Wednesday, April 6, 2011

Leverage by Joshua C. Cohen

Football is king.  At least, at Oregrove High School it is.  Coach has his best players on the field.  Scott, Tom, and Mike are the reigning trinity for the Knights.  Along with their coach, they are going to make sure they win the state title this year.  But coach has been recruiting, and it’s where he finds a diamond in the rough….Kurt.

Kurt, a product of foster homes is big, strong, and fast.  And he made a vow – he will never again be a victim.  He remembers what Crud Bucket did to him and Lamar, but it’s what happened to Lamar that has made Kurt who he is today.  

Walking onto the team, Kurt Brodsky tries to hide himself, but the scars on his face and his stuttering don’t help.  But with Coach on his side, the three kings welcome him with open arms.  Another warrior on the battlefield to help defend against the enemies, and target the weak….

Danny wants so badly to show his father that his sport isn’t just a hobby.  He works hard beside Bruce, Ronnie and the other gymnasts to become the best he can on the mats, and the high bar.  His suicide jump isn’t perfected yet, but when it is, he knows it’ll garner him some attention.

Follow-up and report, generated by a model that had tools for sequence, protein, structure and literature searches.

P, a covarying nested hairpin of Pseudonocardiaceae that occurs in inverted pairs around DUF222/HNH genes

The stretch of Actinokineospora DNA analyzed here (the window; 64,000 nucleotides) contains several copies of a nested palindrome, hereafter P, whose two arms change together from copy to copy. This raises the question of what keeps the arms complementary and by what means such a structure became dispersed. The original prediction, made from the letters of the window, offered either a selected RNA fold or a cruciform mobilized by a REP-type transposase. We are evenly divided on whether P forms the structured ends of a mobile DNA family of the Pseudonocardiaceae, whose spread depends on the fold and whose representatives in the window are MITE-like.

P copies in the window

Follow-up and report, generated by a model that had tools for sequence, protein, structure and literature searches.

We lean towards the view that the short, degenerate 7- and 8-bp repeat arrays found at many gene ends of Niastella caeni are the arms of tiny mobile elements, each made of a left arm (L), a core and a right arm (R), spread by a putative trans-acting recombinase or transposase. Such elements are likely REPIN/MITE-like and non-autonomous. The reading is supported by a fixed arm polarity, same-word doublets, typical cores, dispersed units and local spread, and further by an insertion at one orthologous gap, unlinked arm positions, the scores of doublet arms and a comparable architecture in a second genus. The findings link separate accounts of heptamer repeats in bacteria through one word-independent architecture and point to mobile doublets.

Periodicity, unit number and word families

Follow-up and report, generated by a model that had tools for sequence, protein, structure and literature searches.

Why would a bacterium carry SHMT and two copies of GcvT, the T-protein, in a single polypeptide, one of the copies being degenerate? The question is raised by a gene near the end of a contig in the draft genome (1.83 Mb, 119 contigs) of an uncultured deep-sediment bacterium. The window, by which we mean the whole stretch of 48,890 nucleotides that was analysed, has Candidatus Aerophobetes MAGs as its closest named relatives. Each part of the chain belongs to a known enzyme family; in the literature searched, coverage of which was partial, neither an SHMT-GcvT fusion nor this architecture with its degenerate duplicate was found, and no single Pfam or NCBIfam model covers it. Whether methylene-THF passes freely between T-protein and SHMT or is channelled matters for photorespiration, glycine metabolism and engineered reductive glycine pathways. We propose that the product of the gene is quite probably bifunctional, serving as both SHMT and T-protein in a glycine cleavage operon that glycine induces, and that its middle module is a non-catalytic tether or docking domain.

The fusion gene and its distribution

He also knows that the gym, especially the weight room, should be avoided when the football players take over.  He’s not only seen how they bully the other, smaller students, but himself as well and will do anything to avoid a run-in.  And now there’s another one. 

But a confrontation does occur.  And what starts out as a small incident quickly becomes violent over time.  Danny witnesses what Scott, Mike and Tom do and so does Kurt, and it’s that incident that lays the foundation of right against wrong, right over might, and victimization vs. freedom.  

Cohen writes his first YA novel that’s powerful.  Gritty, realistic, intense… the reader will step into the halls of Oregrove and walk unseen with both Kurt and Danny as they struggle with themselves and those that surround them.  Cohen doesn’t sugarcoat in this book.  In your face…all of this describes how seniors, especially those that are privileged living in a small town, will act, think and speak like.  Written in alternate voices between Danny and Kurt, readers will experience the triumph and the tragedy Cohen’s written so well within this novel while dealing with issues like bullying, suicide, drug use, friendship, and redemption, what others expect from you and what you expect from yourself.  Excellent debut novel!

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